Advertisement

Roast duck with seared prawns

Time 30 minutes
Yields Serves 4
Roast duck with seared prawns
1

Combine the soy sauce, honey, water, cilantro, garlic, star anise and ginger in a deep, nonreactive container large enough to hold the duck. Add the duck, making sure that it is covered with the marinade. Cover and refrigerate for 12 hours.

2

Heat the oven to 350 degrees.

3

Remove the duck from the marinade (reserve the marinade) and pat the duck dry. Place it on a wire rack in a roasting pan breast side up. Roast the duck for about 1 1/2 hours, or until an instant-read thermometer inserted into the thickest part reads 165 degrees. Turn the heat up to 400 degrees during the last 10 minutes of roasting so that the skin turns a dark golden brown.

4

Place the marinade in a small saucepan over medium heat and bring to a boil. Immediately remove from the heat and set aside.

5

About 15 minutes before the duck is ready, prepare the stir-fry. Heat the peanut oil in a large wok over medium-high heat. Add the shallots, prawns and minced garlic and allow them to sweat for about 2 minutes, or until the vegetables are translucent. Add the minced ginger and saute for about 1 minute or until the ginger has softened slightly.

6

Add the onion, celery and carrots and stir-fry for 2 minutes. Raise the heat to high, and add the mushrooms and chicken stock. Stir-fry vigorously to help the liquid evaporate, for about 1 minute. Add about 2 tablespoons of the reserved marinade and again stir-fry vigorously to deglaze the pan. Stir in the snow peas, and remove the mixture from the heat. Stir in the chopped scallions along with salt and pepper to taste.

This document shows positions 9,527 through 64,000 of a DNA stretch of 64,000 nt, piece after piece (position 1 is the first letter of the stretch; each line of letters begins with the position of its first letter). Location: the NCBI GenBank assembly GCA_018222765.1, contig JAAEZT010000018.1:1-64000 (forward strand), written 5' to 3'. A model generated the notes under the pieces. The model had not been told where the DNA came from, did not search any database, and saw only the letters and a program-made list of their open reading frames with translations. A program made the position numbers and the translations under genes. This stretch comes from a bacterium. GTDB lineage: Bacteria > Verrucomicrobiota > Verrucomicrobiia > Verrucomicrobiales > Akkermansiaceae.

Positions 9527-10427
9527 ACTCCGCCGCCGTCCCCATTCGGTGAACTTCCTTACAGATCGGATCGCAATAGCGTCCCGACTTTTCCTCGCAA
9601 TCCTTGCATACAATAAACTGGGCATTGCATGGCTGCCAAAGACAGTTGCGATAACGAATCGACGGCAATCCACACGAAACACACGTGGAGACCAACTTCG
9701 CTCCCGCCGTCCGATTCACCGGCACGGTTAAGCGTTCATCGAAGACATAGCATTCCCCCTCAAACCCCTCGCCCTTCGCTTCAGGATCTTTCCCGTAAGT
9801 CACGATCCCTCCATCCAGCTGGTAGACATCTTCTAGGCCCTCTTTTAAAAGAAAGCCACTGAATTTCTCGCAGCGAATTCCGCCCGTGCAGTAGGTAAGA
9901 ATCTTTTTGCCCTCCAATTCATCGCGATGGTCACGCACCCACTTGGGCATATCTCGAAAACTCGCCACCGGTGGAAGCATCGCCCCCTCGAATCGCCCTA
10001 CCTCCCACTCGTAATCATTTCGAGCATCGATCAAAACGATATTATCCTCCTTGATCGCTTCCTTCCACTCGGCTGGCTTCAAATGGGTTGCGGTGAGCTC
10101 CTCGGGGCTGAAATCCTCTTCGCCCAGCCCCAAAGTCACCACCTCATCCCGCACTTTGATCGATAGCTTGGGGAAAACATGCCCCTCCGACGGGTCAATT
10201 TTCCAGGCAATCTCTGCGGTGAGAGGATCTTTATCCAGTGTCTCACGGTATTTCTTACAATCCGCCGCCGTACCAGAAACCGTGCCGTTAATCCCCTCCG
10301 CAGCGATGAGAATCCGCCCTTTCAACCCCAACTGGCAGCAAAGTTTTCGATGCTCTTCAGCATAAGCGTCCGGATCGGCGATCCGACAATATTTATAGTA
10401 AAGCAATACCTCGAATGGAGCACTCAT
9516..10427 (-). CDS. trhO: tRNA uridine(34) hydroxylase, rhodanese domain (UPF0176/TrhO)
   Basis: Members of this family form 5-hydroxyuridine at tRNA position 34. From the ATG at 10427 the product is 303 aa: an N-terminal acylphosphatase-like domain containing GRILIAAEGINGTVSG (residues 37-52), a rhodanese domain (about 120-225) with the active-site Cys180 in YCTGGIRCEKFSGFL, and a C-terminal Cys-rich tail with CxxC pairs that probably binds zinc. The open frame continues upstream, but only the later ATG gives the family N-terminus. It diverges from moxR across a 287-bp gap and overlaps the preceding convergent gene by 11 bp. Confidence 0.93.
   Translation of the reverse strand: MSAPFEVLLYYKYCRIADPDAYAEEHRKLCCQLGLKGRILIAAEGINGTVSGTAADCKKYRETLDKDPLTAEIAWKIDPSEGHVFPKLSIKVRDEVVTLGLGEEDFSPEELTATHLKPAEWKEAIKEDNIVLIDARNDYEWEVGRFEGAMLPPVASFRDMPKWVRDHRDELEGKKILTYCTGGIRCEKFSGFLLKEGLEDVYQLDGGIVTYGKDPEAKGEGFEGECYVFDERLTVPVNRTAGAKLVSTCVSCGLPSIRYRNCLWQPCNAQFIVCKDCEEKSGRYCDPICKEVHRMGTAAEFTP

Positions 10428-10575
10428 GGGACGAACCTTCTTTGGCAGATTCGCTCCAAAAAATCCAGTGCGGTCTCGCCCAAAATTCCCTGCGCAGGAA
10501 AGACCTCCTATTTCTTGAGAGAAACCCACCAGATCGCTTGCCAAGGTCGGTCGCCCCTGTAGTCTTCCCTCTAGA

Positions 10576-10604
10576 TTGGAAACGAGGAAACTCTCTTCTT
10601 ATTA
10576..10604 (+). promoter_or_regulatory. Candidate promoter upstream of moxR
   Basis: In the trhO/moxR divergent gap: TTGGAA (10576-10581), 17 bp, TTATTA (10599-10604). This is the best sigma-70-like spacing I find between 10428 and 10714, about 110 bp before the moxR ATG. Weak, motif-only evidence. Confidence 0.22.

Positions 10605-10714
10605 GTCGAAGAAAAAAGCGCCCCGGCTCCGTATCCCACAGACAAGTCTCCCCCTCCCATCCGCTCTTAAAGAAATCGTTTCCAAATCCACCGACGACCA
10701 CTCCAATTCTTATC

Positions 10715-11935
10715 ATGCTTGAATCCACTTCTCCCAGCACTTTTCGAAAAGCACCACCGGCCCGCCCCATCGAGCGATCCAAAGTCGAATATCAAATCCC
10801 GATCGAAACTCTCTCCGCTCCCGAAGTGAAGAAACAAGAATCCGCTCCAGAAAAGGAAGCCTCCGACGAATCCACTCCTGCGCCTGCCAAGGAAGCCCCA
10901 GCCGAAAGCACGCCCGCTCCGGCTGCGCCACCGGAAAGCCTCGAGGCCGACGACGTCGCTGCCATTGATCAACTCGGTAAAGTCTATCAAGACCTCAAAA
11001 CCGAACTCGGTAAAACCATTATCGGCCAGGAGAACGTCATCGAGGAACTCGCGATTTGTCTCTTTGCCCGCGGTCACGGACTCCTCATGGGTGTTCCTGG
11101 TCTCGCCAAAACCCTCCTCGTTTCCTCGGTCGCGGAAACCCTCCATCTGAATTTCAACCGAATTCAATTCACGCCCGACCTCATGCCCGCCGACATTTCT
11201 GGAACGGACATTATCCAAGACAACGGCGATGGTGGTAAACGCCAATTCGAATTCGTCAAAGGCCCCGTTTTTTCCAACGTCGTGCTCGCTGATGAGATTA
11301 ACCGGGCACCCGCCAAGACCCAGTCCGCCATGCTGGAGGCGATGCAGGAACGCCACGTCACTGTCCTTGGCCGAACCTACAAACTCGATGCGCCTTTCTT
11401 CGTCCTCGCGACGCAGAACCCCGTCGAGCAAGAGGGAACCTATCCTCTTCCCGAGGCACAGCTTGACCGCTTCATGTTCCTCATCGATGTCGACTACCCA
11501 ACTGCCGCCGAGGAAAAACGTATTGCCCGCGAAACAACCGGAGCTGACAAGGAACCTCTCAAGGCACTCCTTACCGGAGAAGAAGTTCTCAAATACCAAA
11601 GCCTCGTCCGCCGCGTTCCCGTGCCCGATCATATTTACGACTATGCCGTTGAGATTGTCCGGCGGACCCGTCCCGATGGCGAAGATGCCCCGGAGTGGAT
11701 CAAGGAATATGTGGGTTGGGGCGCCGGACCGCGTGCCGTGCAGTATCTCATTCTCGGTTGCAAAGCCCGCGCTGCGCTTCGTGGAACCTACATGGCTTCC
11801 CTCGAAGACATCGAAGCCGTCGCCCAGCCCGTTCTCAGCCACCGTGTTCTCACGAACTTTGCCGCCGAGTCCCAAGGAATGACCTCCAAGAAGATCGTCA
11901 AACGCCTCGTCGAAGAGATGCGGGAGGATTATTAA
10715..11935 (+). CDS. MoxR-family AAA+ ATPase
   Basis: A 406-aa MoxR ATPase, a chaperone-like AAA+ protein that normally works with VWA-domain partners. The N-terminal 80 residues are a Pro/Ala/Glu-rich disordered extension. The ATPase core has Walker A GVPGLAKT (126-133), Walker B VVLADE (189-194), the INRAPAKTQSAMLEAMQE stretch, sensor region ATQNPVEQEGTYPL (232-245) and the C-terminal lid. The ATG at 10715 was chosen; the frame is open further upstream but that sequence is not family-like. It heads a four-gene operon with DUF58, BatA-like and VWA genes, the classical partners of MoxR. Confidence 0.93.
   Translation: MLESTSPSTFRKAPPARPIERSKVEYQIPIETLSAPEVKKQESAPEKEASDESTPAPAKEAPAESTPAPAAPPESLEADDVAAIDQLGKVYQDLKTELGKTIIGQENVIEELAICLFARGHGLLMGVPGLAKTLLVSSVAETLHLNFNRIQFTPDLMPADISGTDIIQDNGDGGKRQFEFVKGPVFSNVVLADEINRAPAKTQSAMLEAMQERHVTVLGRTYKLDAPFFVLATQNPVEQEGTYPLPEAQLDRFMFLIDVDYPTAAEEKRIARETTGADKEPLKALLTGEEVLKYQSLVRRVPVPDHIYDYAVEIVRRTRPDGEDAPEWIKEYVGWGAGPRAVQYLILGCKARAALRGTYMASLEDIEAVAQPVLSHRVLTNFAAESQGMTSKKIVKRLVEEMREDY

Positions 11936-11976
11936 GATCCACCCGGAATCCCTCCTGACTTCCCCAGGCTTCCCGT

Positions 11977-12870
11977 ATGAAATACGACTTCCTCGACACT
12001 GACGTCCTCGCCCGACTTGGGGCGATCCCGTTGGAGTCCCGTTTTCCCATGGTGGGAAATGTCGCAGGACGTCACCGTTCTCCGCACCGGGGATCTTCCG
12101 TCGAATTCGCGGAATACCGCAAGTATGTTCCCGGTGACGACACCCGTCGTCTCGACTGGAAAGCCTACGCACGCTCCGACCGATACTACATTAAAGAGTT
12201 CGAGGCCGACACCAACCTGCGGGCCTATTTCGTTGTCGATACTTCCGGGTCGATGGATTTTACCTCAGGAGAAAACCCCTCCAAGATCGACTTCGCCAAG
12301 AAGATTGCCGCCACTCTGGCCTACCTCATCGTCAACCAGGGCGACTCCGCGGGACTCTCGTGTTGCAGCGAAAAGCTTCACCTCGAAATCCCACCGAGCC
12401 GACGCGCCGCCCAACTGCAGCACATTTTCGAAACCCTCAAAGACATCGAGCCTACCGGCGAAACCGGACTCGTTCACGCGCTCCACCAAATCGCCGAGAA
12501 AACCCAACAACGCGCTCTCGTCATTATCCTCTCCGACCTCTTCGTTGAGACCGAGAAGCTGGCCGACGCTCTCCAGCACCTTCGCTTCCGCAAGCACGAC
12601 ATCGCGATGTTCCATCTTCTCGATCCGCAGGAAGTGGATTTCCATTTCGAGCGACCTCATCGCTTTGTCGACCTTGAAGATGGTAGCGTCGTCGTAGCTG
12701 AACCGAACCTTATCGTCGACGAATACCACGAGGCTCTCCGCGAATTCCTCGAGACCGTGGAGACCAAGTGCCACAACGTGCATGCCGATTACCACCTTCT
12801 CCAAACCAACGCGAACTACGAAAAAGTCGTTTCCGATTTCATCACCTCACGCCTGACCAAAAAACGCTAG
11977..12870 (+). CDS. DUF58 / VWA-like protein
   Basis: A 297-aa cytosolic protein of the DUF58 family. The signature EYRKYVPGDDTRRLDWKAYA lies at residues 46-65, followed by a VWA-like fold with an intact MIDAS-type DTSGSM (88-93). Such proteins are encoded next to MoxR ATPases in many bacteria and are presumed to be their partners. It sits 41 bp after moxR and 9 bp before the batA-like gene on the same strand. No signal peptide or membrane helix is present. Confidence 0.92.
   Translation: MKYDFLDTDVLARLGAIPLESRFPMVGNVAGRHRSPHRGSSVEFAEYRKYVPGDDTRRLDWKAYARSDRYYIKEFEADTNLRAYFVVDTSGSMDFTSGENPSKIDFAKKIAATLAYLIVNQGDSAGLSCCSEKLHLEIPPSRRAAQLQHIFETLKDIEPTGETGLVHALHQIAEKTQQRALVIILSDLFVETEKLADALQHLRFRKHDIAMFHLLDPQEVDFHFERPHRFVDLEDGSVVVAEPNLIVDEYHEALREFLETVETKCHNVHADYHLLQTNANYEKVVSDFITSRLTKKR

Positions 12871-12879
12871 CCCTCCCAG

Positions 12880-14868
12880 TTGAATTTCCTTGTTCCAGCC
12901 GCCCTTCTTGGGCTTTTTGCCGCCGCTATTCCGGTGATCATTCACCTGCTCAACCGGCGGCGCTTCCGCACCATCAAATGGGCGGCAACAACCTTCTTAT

7

Using a chef’s knife, cut the duck into eight pieces, 2 thighs, 2 legs and the 2 breasts cut in half. Place a mound of the stir-fried vegetables and two prawns into the center of each of four dinner plates. Place two pieces of duck on top of the vegetables and prawns.

From David Burke of davidburke & donatella in New York.

Betty Hallock was the deputy Food editor, covering all things food and drink for the Saturday section and Daily Dish blog. She started at The Times in 2001 in the Business section and previously worked on the National desk at the Wall Street Journal in New York. She’s a graduate of UCLA and New York University.
Newsletter
Get our new Cooking newsletter, coming soon.
You may occasionally receive promotional content from the Los Angeles Times.